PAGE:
Geoff Cox’s DVDs: The Secret Life Of Walter Mitty, Kill Your Darlings
Ben Stiller’s remake of a 67-year-old film is his strongest attempt yet to move from full-on comedy into heartfelt drama.
His fifth outing behind the camera, THE SECRET LIFE OF WALTER MITTY (PG: Twentieth Century Fox), is a glossy adaptation of James Thurber’s short story, but a far cry from the beloved musical comedy starring Danny Kaye.
Stiller’s Mitty remains a man who daydreams about adventure while trying to hold on to a dreary job.
Only here he works for Life magazine so when redundancy looms, and with encouragement from secret object of desire Cheryl (Kirsten Wiig), he decides to go in search of globetrotting photographer Sean McConnell (Sean Penn).
His humdrum fantasies become exciting reality in a surprising mix of of sentiment and profundity.
New 10-mile dual carriageway to improve journeys between Bedford, Milton Keynes and Biggleswade
Cyclist seriously injured in Kempston collision
Pair jailed after stabbing and attacking man and his dog with a hammer during Flitwick burglary
Bedford Guild House to close this month after 60 years
Former Bedford police officer jailed for online child sexual offences
Highlights include an impressive skateboard scene and Penn taking the mickey out of himself again.
Beautifully shot and incredibly ambitious, the film demonstrates that Stiller is well on the way to proving himself as a serious director.
> Daniel Radcliffe gives a mature performance in fact-based drama KILL YOUR DARLINGS (15: The Works), putting more clear water between himself and Harry Potter.
He plays Allen Ginsberg, who joins a circle of radical artists and is embroiled in a case involving the stabbing to death in dubious circumstances of one gay man by another.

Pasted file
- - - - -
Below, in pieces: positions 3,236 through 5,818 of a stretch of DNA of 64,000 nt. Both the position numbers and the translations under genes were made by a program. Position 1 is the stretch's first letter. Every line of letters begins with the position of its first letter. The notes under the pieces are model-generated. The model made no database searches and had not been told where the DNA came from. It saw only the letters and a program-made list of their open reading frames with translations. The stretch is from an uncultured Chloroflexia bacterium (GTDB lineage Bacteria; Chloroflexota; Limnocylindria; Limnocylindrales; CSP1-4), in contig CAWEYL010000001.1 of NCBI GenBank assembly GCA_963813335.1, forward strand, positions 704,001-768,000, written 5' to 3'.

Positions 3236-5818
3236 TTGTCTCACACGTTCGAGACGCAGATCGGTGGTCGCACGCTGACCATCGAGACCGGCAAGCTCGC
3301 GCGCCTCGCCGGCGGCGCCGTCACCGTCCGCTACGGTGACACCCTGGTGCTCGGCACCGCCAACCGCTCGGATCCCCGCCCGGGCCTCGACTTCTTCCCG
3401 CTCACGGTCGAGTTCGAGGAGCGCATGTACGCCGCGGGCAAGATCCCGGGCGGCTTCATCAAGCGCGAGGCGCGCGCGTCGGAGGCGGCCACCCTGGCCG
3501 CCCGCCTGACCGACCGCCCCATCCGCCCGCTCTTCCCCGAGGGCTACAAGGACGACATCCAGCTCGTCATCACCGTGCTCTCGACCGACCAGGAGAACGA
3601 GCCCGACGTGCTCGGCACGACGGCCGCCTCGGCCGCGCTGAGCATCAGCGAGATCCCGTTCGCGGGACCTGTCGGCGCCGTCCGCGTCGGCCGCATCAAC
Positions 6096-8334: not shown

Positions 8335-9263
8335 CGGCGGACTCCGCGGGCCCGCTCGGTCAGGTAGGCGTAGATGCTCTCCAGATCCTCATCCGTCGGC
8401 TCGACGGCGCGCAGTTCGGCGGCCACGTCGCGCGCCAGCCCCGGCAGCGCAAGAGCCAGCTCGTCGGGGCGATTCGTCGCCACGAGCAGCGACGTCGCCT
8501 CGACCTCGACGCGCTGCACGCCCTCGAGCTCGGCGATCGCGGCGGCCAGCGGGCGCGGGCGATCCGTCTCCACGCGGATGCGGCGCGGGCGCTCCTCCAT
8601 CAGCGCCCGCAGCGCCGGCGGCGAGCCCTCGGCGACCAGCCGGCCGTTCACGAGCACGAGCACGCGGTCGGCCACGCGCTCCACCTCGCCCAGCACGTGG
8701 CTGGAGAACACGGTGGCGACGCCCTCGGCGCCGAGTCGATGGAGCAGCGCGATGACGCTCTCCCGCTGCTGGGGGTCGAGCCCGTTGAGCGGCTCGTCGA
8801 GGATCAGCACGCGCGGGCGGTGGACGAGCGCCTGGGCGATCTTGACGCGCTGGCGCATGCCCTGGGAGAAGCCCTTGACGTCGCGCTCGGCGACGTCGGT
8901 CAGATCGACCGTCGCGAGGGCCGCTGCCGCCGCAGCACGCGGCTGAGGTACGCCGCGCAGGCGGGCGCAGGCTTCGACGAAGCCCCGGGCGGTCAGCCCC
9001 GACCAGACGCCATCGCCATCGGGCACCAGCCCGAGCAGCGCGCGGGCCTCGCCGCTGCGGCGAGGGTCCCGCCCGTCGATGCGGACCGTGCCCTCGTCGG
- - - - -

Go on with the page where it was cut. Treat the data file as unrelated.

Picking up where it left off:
The group also involves William Burroughs (Ben Foster) and Jack Kerouac (Jack Huston) and Ginsburg faces a difficult choice when firebrand Lucien Carr (Dane DeHaan) is charged with murder.
The title derives from a college professor’s recommendation that, if our young wunderkinds really want to write revolutionary poetry and prose, they should toss aside all the old lovey-dovey stuff. It’s certainly more self-aware and less self-indulgent than other recent films which also sought to capture pivotal moments in the 1940s and 1950s Beat movement.
> ALL IS LOST (12: Universal) tells the single-character story of a solo sailor (Robert Redford), far out in the Indian Ocean, whose yacht sustains a hole after a night-time collision with a shipping container.
The ensuing drama begins slowly, with the clearly experienced yachtsman patching up the damage and sluicing out the water, but when a massive storm hits, things become deadly serious.
The film has next to no dialogue and rapidly becomes a gripping series of set-pieces, with the stoic Redford tossed around like a rag doll as he clings defiantly to life.
If you’re tired of superhero movies, this is the perfect antidote and a terrifying reminder of the world’s natural dangers, as well as a homage to man’s survival instincts.
> Israeli drama FILL THE VOID (U: Artificial Eye) offers a rare glimpse into the secret lives of the Orthodox Jewish community.
A woman from a traditional Hassidic family dies in childbirth, leaving her husband to raise the baby alone.
His wife’s parents decide it would be best if he remarried as soon as possible.
So they try to force their unwilling younger daughter into an arranged marriage so that she can be a mother to her newborn nephew.